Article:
A Sudanese activist called for more women police officers to help protect victims of gender-based violence.
According to Radio Dabanga, the director of the Nuba Women Organization for Education and Development, Kamelia Kuku, championed that idea of appointing female police officers in rural, more remote areas.
Kuku’s comments came during a workshop on Democratic Transformation from a Feminist Perspective in Khartoum held Thursday.
The Nuba Women Organization director said that victims of sexual assault require treatment that is both “confidential and respectful”.
Kuku said that, according to Radio Dabanga, often times sexual assault victims and their families fear societal shaming, which leads to them “refraining from filing an official complaint”.
A report published by CHR. Michelsen Institute (CMI) noted that sexual harassment and abuse were “well-known weapons” deployed by deposed president Omar al-Bashir’s military forces to force female protestors off the street.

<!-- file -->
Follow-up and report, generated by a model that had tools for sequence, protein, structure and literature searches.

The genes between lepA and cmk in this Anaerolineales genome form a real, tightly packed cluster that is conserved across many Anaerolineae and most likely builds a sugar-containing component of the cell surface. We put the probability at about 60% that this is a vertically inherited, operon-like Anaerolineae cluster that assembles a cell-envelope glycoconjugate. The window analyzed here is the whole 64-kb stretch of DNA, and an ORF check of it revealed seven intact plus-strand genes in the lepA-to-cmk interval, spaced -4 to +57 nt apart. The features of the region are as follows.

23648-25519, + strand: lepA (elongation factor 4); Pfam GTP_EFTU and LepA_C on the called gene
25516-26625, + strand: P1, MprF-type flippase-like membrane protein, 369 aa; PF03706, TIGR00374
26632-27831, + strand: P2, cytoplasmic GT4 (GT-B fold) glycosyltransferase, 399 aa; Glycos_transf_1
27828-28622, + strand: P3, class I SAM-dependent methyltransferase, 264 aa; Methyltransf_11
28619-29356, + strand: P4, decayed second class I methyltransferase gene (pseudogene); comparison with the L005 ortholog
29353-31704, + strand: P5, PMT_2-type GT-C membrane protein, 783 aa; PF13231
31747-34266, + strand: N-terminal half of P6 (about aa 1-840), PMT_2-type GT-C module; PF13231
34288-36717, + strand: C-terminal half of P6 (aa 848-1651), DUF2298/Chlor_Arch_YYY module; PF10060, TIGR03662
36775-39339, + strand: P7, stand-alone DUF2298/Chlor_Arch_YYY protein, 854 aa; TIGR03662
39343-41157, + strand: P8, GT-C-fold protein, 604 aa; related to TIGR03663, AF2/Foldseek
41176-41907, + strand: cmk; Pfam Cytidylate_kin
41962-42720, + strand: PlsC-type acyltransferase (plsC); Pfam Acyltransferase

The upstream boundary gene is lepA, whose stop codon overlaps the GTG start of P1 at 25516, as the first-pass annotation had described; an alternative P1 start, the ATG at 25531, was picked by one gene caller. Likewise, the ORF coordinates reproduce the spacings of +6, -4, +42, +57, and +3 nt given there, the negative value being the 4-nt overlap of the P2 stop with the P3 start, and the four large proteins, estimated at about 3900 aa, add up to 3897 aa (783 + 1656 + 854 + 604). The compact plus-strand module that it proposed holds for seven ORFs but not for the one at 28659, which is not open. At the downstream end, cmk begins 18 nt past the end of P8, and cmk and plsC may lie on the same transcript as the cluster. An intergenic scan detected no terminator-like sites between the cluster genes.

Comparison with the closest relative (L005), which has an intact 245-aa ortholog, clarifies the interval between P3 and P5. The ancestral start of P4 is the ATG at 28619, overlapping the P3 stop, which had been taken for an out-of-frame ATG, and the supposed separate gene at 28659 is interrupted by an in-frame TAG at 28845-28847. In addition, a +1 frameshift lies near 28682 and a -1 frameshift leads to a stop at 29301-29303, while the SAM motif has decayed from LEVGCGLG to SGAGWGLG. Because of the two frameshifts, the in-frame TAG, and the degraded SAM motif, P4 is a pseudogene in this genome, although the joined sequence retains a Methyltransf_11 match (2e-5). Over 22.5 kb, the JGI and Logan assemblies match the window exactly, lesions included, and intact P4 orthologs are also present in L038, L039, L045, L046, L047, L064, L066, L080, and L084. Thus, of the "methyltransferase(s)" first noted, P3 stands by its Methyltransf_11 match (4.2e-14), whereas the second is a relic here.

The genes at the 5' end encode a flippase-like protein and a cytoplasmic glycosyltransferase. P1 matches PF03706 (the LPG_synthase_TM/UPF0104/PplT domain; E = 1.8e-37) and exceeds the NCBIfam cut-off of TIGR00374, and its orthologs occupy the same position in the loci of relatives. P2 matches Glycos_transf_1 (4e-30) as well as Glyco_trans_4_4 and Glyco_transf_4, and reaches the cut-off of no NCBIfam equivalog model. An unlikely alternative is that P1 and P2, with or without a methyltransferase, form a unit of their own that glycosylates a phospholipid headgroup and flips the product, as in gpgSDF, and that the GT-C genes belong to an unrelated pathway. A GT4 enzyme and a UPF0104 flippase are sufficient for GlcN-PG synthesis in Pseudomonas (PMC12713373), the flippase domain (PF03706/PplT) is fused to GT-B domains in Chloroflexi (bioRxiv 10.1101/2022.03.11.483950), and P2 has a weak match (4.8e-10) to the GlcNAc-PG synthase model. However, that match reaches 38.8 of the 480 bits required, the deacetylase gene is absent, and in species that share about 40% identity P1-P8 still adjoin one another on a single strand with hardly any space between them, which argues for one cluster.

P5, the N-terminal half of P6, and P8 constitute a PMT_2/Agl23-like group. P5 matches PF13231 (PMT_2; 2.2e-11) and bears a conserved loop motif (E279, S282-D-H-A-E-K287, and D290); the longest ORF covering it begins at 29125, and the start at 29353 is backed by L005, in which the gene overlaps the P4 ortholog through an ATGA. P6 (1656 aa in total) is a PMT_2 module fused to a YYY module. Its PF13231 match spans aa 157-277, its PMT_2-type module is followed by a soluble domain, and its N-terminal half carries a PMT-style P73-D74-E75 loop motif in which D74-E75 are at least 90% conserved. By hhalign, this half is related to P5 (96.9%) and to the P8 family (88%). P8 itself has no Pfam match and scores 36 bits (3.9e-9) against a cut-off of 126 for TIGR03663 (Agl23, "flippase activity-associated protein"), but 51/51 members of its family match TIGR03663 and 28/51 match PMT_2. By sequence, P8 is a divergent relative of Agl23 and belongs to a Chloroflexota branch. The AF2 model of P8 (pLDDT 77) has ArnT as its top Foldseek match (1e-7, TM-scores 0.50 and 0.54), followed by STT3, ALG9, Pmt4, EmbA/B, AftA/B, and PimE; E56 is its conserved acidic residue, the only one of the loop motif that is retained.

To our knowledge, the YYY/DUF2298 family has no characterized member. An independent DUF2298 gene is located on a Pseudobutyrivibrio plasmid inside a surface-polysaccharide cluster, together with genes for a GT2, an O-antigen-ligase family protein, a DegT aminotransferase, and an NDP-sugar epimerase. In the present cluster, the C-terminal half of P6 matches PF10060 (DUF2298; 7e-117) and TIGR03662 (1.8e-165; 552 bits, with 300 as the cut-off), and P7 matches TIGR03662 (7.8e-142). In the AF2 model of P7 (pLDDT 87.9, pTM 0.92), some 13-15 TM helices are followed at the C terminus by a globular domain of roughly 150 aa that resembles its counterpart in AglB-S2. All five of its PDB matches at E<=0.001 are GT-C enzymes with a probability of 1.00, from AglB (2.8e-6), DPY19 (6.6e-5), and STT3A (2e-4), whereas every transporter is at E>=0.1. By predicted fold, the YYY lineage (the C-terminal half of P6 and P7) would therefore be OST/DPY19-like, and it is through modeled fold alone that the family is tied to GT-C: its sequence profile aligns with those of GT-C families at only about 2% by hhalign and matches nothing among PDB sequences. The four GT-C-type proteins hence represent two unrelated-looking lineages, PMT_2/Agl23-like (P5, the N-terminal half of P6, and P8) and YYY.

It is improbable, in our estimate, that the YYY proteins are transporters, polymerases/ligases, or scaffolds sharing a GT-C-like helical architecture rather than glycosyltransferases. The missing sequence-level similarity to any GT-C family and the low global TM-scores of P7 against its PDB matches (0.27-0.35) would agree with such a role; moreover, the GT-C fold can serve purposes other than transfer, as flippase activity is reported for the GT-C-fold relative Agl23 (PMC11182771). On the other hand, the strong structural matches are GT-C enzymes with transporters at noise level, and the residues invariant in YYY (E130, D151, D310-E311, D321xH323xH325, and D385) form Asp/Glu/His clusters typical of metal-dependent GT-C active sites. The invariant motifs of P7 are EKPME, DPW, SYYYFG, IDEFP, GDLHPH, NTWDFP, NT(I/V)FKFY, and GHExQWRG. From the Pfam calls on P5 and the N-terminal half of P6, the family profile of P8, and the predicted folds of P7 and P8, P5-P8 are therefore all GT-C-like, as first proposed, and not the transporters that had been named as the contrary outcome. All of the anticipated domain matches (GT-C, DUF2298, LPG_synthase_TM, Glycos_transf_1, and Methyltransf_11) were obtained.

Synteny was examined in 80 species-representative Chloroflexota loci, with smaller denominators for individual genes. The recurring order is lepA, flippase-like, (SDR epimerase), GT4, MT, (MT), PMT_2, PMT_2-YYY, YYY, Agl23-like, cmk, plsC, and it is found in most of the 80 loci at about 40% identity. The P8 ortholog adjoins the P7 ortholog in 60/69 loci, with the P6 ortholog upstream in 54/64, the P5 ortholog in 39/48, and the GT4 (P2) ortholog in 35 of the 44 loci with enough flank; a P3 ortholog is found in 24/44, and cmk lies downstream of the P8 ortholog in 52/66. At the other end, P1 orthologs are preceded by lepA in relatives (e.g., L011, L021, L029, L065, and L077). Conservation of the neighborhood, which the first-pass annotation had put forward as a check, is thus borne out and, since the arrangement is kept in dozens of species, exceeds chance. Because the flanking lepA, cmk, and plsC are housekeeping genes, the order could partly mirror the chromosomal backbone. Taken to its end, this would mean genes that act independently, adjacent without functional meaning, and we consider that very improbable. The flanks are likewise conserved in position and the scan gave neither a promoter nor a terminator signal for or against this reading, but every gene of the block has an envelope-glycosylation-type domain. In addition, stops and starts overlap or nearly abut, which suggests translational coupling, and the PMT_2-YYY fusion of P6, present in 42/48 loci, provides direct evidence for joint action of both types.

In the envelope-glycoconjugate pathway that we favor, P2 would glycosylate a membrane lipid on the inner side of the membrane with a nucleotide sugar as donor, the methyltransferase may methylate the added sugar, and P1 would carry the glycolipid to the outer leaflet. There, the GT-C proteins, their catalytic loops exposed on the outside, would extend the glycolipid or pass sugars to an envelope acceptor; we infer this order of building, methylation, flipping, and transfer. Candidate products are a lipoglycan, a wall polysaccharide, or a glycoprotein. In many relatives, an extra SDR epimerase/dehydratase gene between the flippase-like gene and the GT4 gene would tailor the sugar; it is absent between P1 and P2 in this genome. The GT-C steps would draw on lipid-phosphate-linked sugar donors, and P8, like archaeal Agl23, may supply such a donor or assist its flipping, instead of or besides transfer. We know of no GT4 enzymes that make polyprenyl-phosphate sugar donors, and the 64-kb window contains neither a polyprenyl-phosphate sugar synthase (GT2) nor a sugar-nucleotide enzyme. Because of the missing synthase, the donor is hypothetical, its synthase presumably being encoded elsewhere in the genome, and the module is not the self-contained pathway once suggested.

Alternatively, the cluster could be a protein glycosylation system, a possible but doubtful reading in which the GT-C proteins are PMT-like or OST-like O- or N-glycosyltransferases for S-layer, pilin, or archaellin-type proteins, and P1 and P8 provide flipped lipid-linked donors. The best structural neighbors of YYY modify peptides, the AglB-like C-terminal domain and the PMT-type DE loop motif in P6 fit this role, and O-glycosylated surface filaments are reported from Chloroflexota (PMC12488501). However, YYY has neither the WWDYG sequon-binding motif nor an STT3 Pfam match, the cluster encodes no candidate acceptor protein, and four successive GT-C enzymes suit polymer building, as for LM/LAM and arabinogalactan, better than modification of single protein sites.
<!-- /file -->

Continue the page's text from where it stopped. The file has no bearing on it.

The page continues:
“Doctors from the Central Committee of Sudanese Doctors, which is part of the umbrella Sudanese Professionals Association, told reporters that 70 rape cases, mostly women and few men, were recorded by Khartoum hospitals in the immediate aftermath of what has been called the Ramadan massacre,” the report said.
CMI also reported, separately, that Sudan had changed its rape law after it was alleged that the law stands in the way of providing legal assistance to rape victims.
In 2015, Human Rights Watch accused Sudanese soldiers stationed in Darfur of the mass rape of 221 women and girls in Darfur in 2014.
“The mass rape of women and girls in Tabit may amount to crimes against humanity,” HRW said.